State of matter  

From The Art and Popular Culture Encyclopedia

Jump to: navigation, search
This page State of matter is part of the physics series  Photo: Antwerp quays in the South of Antwerp, at the former Zuidersluis
Enlarge
This page State of matter is part of the physics series
Photo: Antwerp quays in the South of Antwerp, at the former Zuidersluis
Solid Illustration: Crystallised Minerals (first half of 19th century) by Alexandre Isidore Leroy de Barde
Enlarge
Solid
Illustration: Crystallised Minerals (first half of 19th century) by Alexandre Isidore Leroy de Barde

Related e

Google
Wikipedia
Wiktionary
Wiki Commons
Wikiquote
Wikisource
YouTube
Shop


Featured:
Train wreck at Montparnasse (October 22, 1895) by Studio Lévy and Sons.
Enlarge
Train wreck at Montparnasse (October 22, 1895) by Studio Lévy and Sons.

States of matter are the distinct forms that different phases of matter take on. Historically, the distinction is made based on qualitative differences in bulk properties. Solid is the state in which matter maintains a fixed volume and shape; liquid is the state in which matter maintains a fixed volume but adapts to the shape of its container; and gas is the state in which matter expands to occupy whatever volume is available.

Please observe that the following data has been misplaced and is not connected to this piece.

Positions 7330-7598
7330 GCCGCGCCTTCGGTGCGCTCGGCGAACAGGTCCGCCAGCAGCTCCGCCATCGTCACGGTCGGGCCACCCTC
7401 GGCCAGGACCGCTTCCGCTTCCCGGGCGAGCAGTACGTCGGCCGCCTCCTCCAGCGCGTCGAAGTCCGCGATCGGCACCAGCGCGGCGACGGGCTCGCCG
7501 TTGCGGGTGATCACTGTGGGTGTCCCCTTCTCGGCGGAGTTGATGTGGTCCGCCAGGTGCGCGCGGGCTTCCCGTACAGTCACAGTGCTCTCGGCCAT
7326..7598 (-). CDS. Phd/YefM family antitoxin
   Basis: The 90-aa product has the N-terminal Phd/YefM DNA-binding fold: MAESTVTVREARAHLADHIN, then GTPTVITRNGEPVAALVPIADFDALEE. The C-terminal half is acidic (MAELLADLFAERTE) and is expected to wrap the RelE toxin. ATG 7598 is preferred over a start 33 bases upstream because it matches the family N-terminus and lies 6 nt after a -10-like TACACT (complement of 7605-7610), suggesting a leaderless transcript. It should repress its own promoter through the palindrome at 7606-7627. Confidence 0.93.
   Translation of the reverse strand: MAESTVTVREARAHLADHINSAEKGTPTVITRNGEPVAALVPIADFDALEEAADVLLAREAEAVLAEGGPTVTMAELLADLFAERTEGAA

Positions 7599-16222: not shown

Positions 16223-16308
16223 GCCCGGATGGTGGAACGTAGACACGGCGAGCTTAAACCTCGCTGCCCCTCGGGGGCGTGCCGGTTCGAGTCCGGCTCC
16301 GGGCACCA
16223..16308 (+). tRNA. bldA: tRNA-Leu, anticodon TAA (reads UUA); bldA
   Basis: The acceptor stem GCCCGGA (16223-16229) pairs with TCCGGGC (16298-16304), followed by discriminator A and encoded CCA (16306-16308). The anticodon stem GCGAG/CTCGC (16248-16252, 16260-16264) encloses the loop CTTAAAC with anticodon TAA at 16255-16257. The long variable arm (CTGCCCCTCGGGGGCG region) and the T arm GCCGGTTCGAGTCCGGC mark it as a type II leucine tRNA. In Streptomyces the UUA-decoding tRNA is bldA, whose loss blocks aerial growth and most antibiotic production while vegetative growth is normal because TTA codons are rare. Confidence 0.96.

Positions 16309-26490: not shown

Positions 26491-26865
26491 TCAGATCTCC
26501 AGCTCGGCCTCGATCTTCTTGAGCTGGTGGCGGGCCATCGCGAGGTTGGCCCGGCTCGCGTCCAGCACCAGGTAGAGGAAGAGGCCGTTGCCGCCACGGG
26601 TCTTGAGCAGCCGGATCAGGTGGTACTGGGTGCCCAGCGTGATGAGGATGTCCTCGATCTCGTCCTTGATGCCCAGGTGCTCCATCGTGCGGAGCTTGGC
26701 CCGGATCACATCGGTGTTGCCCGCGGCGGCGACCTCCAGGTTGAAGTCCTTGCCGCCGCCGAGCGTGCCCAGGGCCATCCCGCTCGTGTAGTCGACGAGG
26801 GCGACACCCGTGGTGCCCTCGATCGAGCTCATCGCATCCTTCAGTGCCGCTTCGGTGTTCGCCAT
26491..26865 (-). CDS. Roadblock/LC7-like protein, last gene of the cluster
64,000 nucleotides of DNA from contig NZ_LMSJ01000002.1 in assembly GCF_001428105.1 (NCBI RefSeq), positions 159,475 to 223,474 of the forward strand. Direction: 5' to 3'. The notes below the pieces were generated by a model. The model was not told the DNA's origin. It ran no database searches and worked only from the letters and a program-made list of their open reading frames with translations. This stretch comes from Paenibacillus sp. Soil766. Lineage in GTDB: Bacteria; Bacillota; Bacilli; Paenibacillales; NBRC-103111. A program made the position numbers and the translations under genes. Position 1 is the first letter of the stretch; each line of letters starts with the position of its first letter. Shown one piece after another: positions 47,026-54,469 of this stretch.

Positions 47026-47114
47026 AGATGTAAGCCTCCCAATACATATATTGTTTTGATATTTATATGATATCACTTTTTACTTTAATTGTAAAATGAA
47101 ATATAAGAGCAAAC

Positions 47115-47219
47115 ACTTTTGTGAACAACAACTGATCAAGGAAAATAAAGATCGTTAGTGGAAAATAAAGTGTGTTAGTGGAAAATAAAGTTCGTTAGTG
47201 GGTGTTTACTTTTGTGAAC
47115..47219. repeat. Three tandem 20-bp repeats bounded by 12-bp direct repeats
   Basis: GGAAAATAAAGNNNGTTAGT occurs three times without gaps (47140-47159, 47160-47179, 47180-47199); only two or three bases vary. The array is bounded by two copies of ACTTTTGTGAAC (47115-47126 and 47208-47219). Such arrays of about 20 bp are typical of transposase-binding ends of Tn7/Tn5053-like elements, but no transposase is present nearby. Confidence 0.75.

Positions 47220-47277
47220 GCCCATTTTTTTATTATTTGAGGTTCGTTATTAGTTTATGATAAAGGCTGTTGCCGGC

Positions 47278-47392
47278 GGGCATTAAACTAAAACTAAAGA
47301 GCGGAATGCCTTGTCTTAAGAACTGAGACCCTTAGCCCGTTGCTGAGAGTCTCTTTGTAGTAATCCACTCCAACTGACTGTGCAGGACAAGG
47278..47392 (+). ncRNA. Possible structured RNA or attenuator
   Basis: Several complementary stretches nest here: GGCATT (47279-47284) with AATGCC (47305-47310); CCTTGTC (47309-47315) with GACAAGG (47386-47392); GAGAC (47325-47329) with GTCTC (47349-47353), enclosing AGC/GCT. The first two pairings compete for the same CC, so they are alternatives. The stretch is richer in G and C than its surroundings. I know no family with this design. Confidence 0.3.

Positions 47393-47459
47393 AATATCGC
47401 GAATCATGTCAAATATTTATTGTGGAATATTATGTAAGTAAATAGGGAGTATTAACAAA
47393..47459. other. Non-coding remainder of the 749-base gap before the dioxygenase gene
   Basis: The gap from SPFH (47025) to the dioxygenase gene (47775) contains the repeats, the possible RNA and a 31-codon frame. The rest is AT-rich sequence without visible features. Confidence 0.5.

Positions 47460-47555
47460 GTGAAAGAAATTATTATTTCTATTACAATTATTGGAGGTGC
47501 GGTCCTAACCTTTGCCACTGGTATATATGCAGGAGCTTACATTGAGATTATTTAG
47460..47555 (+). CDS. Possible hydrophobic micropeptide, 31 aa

See also




Unless indicated otherwise, the text in this article is either based on Wikipedia article "State of matter" or another language Wikipedia page thereof used under the terms of the GNU Free Documentation License; or on original research by Jahsonic and friends. See Art and Popular Culture's copyright notice.

Personal tools